Switzerland’s Dominique Gisin and Slovenia’s Tina Maze tied for gold in the women’s downhill on Wednesday, the first time in Olympics history that an alpine skiing event awarded two gold medals.
They each finished with a final time of 1:47.57.
While a tie seems fair in that situation, the technology is there to break down the times another decimal place (1/1000th of a second) to determine a winner.
Skiing chooses to round times to the 1/100th place instead of the seemingly more accurate 1/1000th place. Why?
There’s a pretty interesting explanation.
Olympic historian Bill Mallon wrote a post about the race on OlympStats. He says that 1/1000th of a second equates to a distance of 1 inch at downhill speeds.
While that’s a large enough distance to measure with modern timing technology, it’s within the margin of error in the grand scheme of things.
The example he uses is that the finish line might not be perfectly straight. If one side of the line is 1.1 inches further down or up the hill, it’s the difference between winning and losing.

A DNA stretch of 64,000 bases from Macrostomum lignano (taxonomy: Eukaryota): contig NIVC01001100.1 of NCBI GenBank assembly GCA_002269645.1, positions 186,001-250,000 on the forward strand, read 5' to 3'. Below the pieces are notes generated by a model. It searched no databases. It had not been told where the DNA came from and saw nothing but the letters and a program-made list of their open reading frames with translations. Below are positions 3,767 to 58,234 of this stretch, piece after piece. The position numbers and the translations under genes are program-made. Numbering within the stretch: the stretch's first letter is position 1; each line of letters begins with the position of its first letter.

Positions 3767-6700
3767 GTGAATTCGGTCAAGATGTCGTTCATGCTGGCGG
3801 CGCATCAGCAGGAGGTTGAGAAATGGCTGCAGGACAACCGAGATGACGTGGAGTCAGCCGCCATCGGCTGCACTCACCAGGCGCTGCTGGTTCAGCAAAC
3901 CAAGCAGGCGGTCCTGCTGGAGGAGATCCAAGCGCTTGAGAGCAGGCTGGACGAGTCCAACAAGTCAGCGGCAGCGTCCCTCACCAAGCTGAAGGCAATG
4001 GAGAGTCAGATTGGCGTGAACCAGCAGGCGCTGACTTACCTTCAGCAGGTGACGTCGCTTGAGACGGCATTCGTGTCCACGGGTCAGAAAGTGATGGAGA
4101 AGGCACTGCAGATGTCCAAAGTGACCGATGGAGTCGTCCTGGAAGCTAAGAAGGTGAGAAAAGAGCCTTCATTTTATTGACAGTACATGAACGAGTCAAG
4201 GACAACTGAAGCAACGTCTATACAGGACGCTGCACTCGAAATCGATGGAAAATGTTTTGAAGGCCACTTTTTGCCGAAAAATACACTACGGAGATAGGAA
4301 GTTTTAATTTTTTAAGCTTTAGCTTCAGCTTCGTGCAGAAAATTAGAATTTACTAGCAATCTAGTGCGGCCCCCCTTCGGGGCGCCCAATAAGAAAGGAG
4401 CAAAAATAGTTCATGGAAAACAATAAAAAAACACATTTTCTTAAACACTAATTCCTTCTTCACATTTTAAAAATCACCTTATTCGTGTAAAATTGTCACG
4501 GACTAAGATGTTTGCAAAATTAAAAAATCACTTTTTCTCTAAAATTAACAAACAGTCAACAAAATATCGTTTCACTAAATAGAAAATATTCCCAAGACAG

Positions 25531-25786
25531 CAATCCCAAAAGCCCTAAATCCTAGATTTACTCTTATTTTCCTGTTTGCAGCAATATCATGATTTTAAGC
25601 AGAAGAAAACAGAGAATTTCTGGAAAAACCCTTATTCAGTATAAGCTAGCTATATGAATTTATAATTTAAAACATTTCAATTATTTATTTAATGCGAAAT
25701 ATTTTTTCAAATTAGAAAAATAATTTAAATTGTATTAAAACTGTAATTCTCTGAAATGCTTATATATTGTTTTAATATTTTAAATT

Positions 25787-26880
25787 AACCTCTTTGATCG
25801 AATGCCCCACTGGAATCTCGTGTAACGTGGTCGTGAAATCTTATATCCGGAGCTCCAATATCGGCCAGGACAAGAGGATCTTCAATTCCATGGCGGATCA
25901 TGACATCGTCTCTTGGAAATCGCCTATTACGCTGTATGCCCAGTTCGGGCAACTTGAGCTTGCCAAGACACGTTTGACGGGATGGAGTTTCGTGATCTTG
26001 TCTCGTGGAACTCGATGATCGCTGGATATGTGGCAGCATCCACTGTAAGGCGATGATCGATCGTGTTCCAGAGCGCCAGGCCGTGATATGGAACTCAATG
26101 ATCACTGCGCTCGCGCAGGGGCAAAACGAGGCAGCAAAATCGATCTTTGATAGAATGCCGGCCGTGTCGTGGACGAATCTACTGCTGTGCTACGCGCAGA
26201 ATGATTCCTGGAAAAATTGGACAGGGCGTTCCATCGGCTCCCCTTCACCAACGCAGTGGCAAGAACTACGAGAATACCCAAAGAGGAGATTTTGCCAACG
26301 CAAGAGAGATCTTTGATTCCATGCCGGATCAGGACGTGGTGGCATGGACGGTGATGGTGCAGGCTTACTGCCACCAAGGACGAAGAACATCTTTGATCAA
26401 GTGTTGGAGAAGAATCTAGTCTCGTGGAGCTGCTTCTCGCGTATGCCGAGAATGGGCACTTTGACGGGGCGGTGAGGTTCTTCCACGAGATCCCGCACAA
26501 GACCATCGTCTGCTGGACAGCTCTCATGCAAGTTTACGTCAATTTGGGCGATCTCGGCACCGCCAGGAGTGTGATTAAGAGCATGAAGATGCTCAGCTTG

“How accurate is the finish line? If Maze finished on the left side of the finish, and Gisin on the right side, is that accurate enough to measure to 1/1000th, especially when the start line is 3,000 metres away. So if you measure to 1/1000th would you be penalising one skier for finishing on one side of the course and not the other, without them really knowing which side is shorter? You could be.”
It makes intuitive sense to measure times to the smallest possible decimal place. But in practice, there is a point at which the margins are so small that any tiny disparity in external variables renders that precision useless. Mallon tells the story of a swimming race that would have produced a different outcome if a single coat of paint was added to one of the lanes, for instance.
Many Olympic sports only measure to the 1/100th of a second, despite the technology for more accurate times, for precisely this reason.
Earlier this week, 1/1000ths were used to decide the men’s 500m speed skating race. But the standard for the majority sports that are contested over a significant distance is to use the 1/100th place, and call it a tie.
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